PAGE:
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This Girl Can

I’ve taken up swimming again after a long absence. Don’t be fooled by this statement. I am not a good swimmer. At all. There are no gold medals hanging round my neck. When others were donning pyjamas and retrieving hoops from the deep end of the pool I was on the sidelines with a puncture repair kit and my armbands.

This state of affairs is because I was raised to be afraid of bodies of water, even ones as flimsy as puddles. This was not because they might transport me to Away or the Otherworlds with their deceiving and appealing reflective universe, no, it was because my dad declared that you can drown in an inch of water. I think I have mentioned his propensity for caution in a previous blog. Many were the horror stories of drownings and sweepings overboard. People who can swim, drown, I was told.  Water was an enemy, a predator, whether it chose to lurk on rainy urban pavements or between glacial valleys. Every summer our local lake claimed at least two teenagers with its fatal mix of heated shoreline and the shock of the cold water. My dad rested his watery case.

People who splashed and crawled in this evil element always astonished me. And made me jealous. For all my dad’s warnings I have always loved water. I love the turned upside down world it reveals on its surface. As a child I paddled at the edges of Coniston and Ullswater. Many were the hours spent watching the glitter of light on water and then leaning to let my body shadow the surface so that I could let my eyes wander over the pebbles and weed, the small fish and crustaceans. Weed, water’s terrible accomplice. Weed will drag you down to the depths. My dad works part time as the fifth horseman of the appocalypse. At least he would if horses weren’t dangerous of course. Heaven forfend you might take a horse to water, well, that’s just asking for trouble.

Many too were the hours that I  looked out across the black surface of the Lakes and longed to strike out, to glide and slither. Mermaids were high on my favourite mythical creatures list but I did not possess a fishtail and Fear kept me firmly tethered to the shore. That and a total lack of swimming skills.

My children are a different kettle of, erm, well, fish. My husband was, at a distant point in his life, a lifeguard at his local open air pool and so my two were hurled into the drink as soon as they’d been harpooned by the health visitor with the requisite jabs. Recently my daughter was shocked to find one of her friends couldn’t swim. How can they not swim? she asked, she considers swimming to be like walking or talking, something she has always done. Thanks to their dad and his gills and webbed feet my two have never looked out, wistfully, across black water, they have always dived into it. From a very early age they preferred to swim under the water, like seals. Many are the beaches of Britain, where in wind and high weather, my small children peeled off their kit and bounded into the icy waves. Water welcomed them.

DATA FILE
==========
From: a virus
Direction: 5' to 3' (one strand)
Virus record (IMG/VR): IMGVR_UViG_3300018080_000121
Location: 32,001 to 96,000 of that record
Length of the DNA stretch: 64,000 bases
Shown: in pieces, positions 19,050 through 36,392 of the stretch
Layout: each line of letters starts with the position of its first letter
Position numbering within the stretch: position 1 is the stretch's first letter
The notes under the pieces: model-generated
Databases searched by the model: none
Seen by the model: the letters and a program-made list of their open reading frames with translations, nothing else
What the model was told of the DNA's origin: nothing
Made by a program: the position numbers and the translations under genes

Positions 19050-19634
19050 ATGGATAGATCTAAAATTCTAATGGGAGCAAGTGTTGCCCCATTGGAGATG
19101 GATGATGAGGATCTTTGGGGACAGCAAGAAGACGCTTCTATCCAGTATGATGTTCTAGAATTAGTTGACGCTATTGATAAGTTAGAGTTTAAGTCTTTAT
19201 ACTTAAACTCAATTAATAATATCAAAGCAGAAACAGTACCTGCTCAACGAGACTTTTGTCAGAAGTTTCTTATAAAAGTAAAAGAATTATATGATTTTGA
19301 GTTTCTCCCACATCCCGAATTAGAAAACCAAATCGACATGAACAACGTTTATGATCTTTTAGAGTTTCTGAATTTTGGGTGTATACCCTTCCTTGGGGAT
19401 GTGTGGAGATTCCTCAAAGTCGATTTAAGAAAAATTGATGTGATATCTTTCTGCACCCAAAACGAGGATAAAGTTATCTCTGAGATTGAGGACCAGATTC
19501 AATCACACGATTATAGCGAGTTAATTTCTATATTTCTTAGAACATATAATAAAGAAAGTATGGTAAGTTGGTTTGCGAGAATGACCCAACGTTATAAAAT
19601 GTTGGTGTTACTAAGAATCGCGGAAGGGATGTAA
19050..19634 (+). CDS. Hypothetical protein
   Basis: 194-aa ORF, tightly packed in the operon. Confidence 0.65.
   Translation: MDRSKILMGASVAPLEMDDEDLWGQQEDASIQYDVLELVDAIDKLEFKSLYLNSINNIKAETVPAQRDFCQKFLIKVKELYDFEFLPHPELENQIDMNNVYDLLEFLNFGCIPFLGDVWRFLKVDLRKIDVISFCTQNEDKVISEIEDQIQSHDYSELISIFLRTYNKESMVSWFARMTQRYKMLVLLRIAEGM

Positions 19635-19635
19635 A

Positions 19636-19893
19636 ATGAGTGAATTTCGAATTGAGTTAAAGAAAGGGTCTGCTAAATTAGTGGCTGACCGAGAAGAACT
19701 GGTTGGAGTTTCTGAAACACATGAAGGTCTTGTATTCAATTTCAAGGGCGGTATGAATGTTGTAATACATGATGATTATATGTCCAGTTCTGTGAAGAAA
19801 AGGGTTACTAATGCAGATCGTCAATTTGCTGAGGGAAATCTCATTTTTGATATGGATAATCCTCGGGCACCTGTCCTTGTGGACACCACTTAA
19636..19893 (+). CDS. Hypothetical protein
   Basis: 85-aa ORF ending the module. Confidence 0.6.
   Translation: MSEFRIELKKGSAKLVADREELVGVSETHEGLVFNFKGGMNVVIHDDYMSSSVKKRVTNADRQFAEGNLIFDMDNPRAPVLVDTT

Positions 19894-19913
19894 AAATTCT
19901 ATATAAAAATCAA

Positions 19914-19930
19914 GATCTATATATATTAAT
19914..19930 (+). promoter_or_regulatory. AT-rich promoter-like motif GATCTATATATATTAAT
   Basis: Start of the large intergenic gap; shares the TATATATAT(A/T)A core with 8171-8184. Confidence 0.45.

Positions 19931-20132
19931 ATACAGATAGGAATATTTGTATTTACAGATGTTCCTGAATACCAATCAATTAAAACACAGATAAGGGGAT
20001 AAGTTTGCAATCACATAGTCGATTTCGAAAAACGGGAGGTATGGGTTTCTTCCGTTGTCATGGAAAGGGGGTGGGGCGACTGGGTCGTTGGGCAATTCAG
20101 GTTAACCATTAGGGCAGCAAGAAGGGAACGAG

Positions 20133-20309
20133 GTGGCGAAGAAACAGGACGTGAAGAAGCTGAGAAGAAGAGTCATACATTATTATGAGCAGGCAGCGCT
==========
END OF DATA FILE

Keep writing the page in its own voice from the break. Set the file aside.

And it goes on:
Goggles 2Whilst I’m not very good at swimming I enjoy being in the water and of late it has helped considerably in the management of my creaky bones. I slide into the slow lane and, goggles donned, I begin my elegant breast stroke.

The first day back I started to panic, even water as controlled and contained as this is out to get me isn’t it? Isn’t that why I can’t breathe? No. You can’t breathe, Helen, because you’re having a panic attack. I clutched at the pool edge and thought of yoga breathing. Ah, oxygen, a lovely element. Fear subsided, the water nudged at me as another lady pootled by with an energetic doggy paddle. She moved through the water like a labrador after a shelduck. The water glittered and sploshed. I pushed out once more. Felt the buoyancy, felt the lightness, the kicking strength of my legs. As panic surged up again I reminded myself ‘this is not a race, this is not a competition. Relax.’ a yoga breath took me a few strokes forward.

Beneath me I could see the blue line lane marking. It coiled and twisted in the roiling water, looking like a serpent and I thought of Jorgmundr, the Midgard serpent. Here was the serpent come to greet me, to assist, curling and twirling this way, this way, this way.  Some of you might think this is odd, Jorgmundr and his siblings have not had the best press, but I have a soft spot for all of Loki’s offspring. The serpent had revealed itself for a reason. I was in the water for a reason. I began to glide, to slither, to feel free.

Then, there was light. Sunlight poured golden from the pyramid array of windows in the swimming pool roof. In an instant the harsh shouts of the swimming instructor on the far side of the room were drowned out by the splashing sounds, by the glitter and glide of particle and beam. With one stroke I was no longer in the chlorine pond, I was elsewhere, the sky opened up, the water opened out. Wild. Wide. My muscles stretched and flexed. I was at the end of the pool before I’d realised. This was the way to go, the way of this blue lined serpent that never ends, taking me backwards and forwards until the whistle sounds and I have to rise into the air, heavy as a stone, but thankful.

Water alters the world. It lifts and lightens and carries us and can, I do understand, literally take us to the Otherworld if we are not careful and the element is unkind.

For my part, I am glad to return to it, even if it is this tamed version, caged beneath the skylight.




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